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Revue Pamiatky a múzeá - Summary 2/2006

zverejnené: 3. mája 2011
aktualizované: 13. apríla 2012

The Chapel of Zápoľský in Spišská Kapitula – Truss constructions

Peter Glos – Mária Novotná – Ľubor Suchý

Literature and periodicals have devoted quite a large space to the evaluation of St. Martin’s Cathedral in Spišská Kapitula, focusing in particular on the burial chapel of the Zápoľskýs, the clan which approximately in the half the 15th century built up a significant position in Spiš and the whole of Hungary that lasted for 90 years. It reached for the highest of goals – the royal throne. These works on the cathedral paid almost no attention to roofing construction yet from the time of their origin in the 1460s they have never burnt out and the bulk of them is especially well preserved.  
The burial chapel of the Zápoľskýs, originally consecrated to the Virgin Mary, was part of the late gothic reconstruction of the cathedral in 1488 – 1493, when the partially destroyed Roman basilica from the third quarter of the 13th century ceased to meet their needs. Architecturally the chapel continues in the style of the burial chapel in Spišský Štvrtok (around 1473), derived from the Parish of St. Chapelle, however this particular chapel is one-storied. As with the cathedral, roofs are the dominating features of the chapel. There are two: one above the chapel and a significantly smaller roof, covering the oratorio in the western part. The main space of the chapel is covered with a steep saddle roof with a slant upwards of 68 degrees, which, evidently apart from the roofs of the towers is one of the steepest in the region. The truss of the Zápoľský chapel is an advance form of the late-medieval, four-level truss. The integral part of the chapel is its western part. Above the so-called little sacristy on the floor is an open oratorio. The roof is significantly smaller and the truss is simpler but in its construction as well as type it is identical with the truss in the chapel – late medieval and three-tiered.
Both trusses are technically very advanced for the environment of the period of their origin; they are complex, progressive, perfect craft-worked constructions. The forward thinking and superior construction and craft levels of the chapel’s trusses is evident when compared to the larger and older cathedral’s truss. For this time the ceramic baked glazed roof tile was unique and covered the chapel from its origin.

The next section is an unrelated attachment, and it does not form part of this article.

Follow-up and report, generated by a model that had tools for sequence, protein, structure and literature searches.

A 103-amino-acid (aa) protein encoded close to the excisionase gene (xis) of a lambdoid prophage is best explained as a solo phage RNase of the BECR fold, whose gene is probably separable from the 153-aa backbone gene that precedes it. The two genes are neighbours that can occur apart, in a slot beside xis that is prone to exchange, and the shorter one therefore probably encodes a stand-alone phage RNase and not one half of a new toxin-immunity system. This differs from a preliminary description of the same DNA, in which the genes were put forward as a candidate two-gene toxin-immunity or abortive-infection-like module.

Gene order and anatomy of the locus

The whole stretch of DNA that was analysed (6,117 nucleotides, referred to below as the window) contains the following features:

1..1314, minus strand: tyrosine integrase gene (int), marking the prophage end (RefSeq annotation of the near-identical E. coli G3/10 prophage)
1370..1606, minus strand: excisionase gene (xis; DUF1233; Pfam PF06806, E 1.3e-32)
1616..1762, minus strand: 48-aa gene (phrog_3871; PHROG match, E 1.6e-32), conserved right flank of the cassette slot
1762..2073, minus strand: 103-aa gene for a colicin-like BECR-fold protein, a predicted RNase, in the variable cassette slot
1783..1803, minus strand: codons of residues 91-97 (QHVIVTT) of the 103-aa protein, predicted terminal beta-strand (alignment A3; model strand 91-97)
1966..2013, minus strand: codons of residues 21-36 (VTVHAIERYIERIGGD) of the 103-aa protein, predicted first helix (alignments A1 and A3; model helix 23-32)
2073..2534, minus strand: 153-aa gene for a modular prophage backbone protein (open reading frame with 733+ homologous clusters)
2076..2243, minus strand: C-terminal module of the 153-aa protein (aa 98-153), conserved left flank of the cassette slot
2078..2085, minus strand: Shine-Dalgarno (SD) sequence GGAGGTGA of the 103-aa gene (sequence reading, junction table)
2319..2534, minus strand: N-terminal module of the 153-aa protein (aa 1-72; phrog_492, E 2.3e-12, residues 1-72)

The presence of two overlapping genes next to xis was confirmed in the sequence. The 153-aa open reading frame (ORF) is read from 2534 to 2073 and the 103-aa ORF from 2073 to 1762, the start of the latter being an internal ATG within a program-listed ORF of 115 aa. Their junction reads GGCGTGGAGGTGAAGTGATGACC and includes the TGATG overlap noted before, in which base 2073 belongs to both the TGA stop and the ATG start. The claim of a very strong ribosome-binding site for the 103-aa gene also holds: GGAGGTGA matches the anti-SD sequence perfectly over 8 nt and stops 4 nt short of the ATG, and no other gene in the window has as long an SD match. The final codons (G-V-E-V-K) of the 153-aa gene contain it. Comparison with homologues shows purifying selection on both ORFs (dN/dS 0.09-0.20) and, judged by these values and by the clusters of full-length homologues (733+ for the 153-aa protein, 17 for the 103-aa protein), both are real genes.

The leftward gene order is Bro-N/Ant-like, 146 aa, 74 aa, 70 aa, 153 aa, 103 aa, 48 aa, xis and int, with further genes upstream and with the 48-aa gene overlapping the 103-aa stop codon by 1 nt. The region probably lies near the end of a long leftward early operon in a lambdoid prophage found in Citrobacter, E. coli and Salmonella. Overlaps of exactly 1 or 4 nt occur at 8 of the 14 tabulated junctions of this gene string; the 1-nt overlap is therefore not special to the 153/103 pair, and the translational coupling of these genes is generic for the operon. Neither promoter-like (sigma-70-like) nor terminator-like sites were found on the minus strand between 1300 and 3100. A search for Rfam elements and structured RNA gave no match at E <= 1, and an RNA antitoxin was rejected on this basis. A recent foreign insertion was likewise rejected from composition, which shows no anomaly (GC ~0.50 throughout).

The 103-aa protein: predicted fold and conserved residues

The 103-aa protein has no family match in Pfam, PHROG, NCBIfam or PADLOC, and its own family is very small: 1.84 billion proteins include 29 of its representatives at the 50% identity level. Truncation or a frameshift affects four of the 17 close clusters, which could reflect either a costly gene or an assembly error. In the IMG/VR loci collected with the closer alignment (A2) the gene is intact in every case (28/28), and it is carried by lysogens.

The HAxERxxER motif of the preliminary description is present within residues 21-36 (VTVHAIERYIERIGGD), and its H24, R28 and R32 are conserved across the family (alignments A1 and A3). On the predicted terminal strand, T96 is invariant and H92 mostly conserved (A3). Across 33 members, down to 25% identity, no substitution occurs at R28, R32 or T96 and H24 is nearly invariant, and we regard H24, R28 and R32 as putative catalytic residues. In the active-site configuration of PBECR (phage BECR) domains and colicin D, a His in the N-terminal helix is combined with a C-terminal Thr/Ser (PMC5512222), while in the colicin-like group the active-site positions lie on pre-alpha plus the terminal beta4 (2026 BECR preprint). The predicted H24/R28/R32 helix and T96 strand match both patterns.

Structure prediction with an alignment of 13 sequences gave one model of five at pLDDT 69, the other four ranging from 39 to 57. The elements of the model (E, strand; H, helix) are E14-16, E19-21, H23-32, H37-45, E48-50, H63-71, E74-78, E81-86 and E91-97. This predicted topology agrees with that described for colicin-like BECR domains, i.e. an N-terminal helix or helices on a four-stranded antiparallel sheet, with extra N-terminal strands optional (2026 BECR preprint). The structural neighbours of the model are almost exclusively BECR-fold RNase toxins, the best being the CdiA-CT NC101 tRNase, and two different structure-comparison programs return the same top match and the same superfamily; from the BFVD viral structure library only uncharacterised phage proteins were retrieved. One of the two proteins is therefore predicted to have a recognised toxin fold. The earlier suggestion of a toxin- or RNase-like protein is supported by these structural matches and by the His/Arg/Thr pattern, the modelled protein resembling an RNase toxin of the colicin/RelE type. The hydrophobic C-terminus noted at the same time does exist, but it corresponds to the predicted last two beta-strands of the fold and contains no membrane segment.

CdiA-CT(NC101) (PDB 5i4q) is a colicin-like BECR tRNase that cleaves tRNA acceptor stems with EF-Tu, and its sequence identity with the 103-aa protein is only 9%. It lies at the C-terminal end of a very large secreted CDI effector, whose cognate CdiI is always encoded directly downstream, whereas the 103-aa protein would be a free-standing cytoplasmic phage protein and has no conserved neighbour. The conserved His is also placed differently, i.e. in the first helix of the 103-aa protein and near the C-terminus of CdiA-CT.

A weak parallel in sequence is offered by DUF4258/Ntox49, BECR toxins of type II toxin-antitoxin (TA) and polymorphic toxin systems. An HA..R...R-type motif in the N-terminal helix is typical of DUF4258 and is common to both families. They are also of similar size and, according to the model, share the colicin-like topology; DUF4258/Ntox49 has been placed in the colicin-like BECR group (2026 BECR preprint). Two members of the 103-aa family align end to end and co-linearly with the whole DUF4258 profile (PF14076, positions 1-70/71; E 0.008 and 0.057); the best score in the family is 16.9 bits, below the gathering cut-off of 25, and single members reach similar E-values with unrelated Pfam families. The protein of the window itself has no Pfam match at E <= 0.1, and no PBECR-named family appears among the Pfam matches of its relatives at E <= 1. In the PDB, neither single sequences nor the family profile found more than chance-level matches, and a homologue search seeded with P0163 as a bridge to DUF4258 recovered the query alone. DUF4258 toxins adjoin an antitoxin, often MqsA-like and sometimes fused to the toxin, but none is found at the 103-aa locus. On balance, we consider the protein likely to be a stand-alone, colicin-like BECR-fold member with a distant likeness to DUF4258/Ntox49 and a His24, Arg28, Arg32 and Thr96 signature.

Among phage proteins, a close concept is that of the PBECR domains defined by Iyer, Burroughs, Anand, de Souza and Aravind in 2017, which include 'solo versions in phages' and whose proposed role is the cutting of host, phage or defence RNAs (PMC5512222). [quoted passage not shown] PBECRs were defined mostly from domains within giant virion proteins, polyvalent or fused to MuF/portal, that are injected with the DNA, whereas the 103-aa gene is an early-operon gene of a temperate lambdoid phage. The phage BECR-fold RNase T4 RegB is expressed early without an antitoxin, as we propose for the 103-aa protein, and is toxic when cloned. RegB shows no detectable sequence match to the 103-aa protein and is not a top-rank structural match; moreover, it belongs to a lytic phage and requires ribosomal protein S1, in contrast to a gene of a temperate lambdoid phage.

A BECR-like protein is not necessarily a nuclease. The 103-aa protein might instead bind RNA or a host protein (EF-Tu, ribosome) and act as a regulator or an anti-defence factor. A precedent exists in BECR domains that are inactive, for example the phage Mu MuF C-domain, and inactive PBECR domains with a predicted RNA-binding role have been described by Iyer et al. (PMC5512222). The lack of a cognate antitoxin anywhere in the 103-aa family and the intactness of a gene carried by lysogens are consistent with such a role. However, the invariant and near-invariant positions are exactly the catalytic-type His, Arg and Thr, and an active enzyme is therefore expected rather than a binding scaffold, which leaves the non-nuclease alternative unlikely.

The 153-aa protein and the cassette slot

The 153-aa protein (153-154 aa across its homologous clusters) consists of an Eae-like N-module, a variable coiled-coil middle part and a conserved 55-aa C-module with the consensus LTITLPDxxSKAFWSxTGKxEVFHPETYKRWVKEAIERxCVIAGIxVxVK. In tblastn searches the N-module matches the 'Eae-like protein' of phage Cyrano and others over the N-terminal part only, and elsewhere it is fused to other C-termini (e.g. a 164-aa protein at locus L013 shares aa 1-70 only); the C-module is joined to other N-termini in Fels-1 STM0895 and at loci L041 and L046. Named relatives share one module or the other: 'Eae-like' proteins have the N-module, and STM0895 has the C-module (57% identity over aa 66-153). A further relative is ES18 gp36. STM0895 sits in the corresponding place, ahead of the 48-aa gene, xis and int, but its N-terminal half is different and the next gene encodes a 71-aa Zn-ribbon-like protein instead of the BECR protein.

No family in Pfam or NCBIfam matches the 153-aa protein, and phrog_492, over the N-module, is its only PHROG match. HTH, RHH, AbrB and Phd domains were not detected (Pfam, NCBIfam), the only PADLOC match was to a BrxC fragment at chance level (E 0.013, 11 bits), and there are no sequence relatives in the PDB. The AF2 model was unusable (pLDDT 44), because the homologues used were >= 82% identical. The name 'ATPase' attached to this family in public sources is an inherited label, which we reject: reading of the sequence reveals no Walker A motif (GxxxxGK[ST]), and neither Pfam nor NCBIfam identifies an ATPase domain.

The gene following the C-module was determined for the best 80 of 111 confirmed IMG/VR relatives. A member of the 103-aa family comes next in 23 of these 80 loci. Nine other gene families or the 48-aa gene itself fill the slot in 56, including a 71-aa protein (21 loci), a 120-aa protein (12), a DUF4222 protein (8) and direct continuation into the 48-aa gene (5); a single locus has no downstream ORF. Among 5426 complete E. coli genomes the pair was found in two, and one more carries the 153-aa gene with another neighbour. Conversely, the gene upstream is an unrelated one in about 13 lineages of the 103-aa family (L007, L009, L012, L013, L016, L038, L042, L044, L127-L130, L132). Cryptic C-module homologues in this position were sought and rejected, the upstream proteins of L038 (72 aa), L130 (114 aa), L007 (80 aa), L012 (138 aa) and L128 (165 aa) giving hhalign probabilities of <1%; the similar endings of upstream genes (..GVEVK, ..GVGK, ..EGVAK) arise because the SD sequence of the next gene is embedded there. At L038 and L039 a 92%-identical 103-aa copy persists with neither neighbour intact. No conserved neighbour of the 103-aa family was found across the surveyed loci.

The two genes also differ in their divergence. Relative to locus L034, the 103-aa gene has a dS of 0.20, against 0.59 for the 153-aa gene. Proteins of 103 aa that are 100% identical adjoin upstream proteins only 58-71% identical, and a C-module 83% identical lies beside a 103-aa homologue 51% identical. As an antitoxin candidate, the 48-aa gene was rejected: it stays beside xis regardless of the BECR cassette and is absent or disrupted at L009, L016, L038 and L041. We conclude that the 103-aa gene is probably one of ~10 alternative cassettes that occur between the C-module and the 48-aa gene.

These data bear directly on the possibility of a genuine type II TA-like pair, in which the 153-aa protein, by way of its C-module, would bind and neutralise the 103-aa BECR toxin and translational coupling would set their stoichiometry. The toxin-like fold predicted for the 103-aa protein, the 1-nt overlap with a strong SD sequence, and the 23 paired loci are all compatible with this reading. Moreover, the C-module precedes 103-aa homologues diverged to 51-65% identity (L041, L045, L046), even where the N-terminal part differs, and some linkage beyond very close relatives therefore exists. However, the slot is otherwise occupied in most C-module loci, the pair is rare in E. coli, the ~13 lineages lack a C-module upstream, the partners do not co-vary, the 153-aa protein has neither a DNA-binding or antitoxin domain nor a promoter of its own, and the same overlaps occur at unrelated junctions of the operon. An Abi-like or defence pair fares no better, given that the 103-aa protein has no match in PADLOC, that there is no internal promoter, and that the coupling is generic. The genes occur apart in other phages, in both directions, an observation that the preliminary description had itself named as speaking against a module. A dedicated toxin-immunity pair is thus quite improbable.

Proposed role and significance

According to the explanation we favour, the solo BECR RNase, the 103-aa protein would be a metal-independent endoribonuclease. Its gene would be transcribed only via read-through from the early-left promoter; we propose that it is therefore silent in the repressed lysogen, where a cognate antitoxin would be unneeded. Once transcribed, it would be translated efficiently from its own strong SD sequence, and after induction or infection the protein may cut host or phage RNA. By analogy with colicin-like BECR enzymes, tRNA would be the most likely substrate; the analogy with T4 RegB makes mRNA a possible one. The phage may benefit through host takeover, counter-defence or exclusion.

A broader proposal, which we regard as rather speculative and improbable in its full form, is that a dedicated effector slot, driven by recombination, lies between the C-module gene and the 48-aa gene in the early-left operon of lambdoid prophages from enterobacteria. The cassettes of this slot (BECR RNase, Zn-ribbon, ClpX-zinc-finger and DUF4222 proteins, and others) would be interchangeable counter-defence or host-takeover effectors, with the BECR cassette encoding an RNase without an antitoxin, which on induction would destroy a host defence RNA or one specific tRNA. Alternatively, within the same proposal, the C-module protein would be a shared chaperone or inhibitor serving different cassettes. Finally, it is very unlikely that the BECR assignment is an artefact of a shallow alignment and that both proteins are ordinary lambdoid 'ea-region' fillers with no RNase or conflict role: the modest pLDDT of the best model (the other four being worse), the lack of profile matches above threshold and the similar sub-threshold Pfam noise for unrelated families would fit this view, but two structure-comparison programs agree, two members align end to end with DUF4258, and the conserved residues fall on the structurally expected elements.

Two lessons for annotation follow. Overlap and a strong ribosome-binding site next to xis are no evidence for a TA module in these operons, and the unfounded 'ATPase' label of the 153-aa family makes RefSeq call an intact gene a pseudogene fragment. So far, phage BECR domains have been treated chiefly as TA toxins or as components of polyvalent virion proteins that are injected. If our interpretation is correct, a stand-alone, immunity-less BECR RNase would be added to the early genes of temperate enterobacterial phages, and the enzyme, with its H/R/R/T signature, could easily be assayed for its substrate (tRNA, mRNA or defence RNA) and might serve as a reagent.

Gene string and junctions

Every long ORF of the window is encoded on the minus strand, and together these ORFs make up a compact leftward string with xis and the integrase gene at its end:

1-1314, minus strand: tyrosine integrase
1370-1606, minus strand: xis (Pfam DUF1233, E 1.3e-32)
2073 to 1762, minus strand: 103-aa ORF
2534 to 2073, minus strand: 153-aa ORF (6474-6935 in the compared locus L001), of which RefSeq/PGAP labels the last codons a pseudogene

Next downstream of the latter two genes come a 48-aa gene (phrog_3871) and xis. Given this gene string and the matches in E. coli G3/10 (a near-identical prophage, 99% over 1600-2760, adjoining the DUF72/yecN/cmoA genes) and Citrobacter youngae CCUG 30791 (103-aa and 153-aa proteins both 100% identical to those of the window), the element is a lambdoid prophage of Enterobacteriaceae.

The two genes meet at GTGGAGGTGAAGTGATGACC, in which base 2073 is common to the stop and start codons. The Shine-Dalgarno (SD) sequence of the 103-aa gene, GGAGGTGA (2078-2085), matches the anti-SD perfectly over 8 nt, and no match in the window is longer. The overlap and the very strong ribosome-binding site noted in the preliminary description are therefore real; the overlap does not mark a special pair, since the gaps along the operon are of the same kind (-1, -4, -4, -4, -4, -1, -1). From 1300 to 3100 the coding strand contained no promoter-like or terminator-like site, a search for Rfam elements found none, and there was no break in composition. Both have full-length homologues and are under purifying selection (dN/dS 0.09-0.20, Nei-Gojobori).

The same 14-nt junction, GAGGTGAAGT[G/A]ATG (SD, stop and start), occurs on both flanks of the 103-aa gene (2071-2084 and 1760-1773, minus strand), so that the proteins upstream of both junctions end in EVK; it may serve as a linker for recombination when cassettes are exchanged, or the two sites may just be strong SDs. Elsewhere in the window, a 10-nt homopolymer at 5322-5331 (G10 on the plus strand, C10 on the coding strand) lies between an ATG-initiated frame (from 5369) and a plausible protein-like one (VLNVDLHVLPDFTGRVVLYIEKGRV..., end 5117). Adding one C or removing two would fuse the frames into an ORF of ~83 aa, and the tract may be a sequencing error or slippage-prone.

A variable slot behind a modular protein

Detailed research proved that the trusses above the chapel and oratorio are primary, built between 1488 and 1493. Dendro-chronologic dating of samples should confirm this in near future. One of the wealthiest Hungarian noblemen, palatine and Spiš country head Štefan Zápoľský, the younger brother of Imrich Zápoľský († 1487) ordered the works on the family burial chapel. The level of architectural and stone-masonry work, artistic decoration as well as the forwardness of the truss constructions and the originally used ceramic covering of the chapel matched his statues and reflected his potential.

Coronation of Karol Róbert in Spišská Kapitula

Eva Spaleková – Ladislav Székely

Spišská Kapitula, originally a small, fortified church town with the St. Martin’s Cathedral, bishop’s palace, canon’s houses and other sets of monuments is a remarkable urban formation, which springs from the framework of other historical towns in our territory. In 1950 it was pronounced the town monument’s reservation and in 1993 it became part of the World’s Cultural and Natural Heritage UNESCO (Spišský Hrad and its Associated Cultural Monuments).
Inside the cathedral’s church is an exceptionally significant medieval wall painting with an interesting iconographic theme of the Coronation of Karol Róbert d' Anjou as Hungarian King dated 1317. Last summer it was restored by the collective of workers from the Regional Restoration Studio in Levoča. (The Messerchmitt Stiftung foundation financially supported the activity.) 
The three-aisled basilica underwent a complicated development, the most original part of which is the western part. Purist re-gothic adjustment radically changed the interior, including the aforementioned wall painting, the origin of which is connected to a significant historical event after the extinction of the Arpád dynasty. Karol Róbert of Anjou (1308-1342) took over the Hungarian throne and definitively secured his power over Spiš in 1317, after the victory in the battle of Rozhanovce (1312). Political considerations apart, the painting is also significant for being one of the first manifestations of the new artistic orientation, the Gothic style. The theme documents the agreement of the powers of heaven with the king’s choice and confirms his authority in the given territory.
The literature speaks of three significant restoring interventions into the painting that changed its character (in 1850, 1873–1889 and 1943). The current research also showed older local repaints, assumingly performed during the reconstruction of the Romanesque basilica to a Gothic style in the second half of the 15th century. These repaints may be characterized as local or “cosmetic” make-ups on the painting destroyed during the construction works on the church, or as a consequence of Hussite raids and fire damage in the first half of the 15th century.
The largest repaints were performed at the end of the 19th century when the ornamental framing was radically changed and the destroyed places puttied, which led to the change from the original blue coloring to brown. The adjustments were made in dark tones and the scene lost its bright coloring and lightness. With the change in the color variety they also placed inscriptions next to the painting’s figures. They therefore come from the neo-Gothic adjustment, as they were placed on the secondary (brown) layer. One of the most problematic moments of the restoration research was solving the question of these texts, which have been the conventional part of the scene for years. It was impossible to technically confirm or reject an existence of original texts from the painting’s origin without irretrievable damage to the painting, so the decision was made to retain the inscriptions.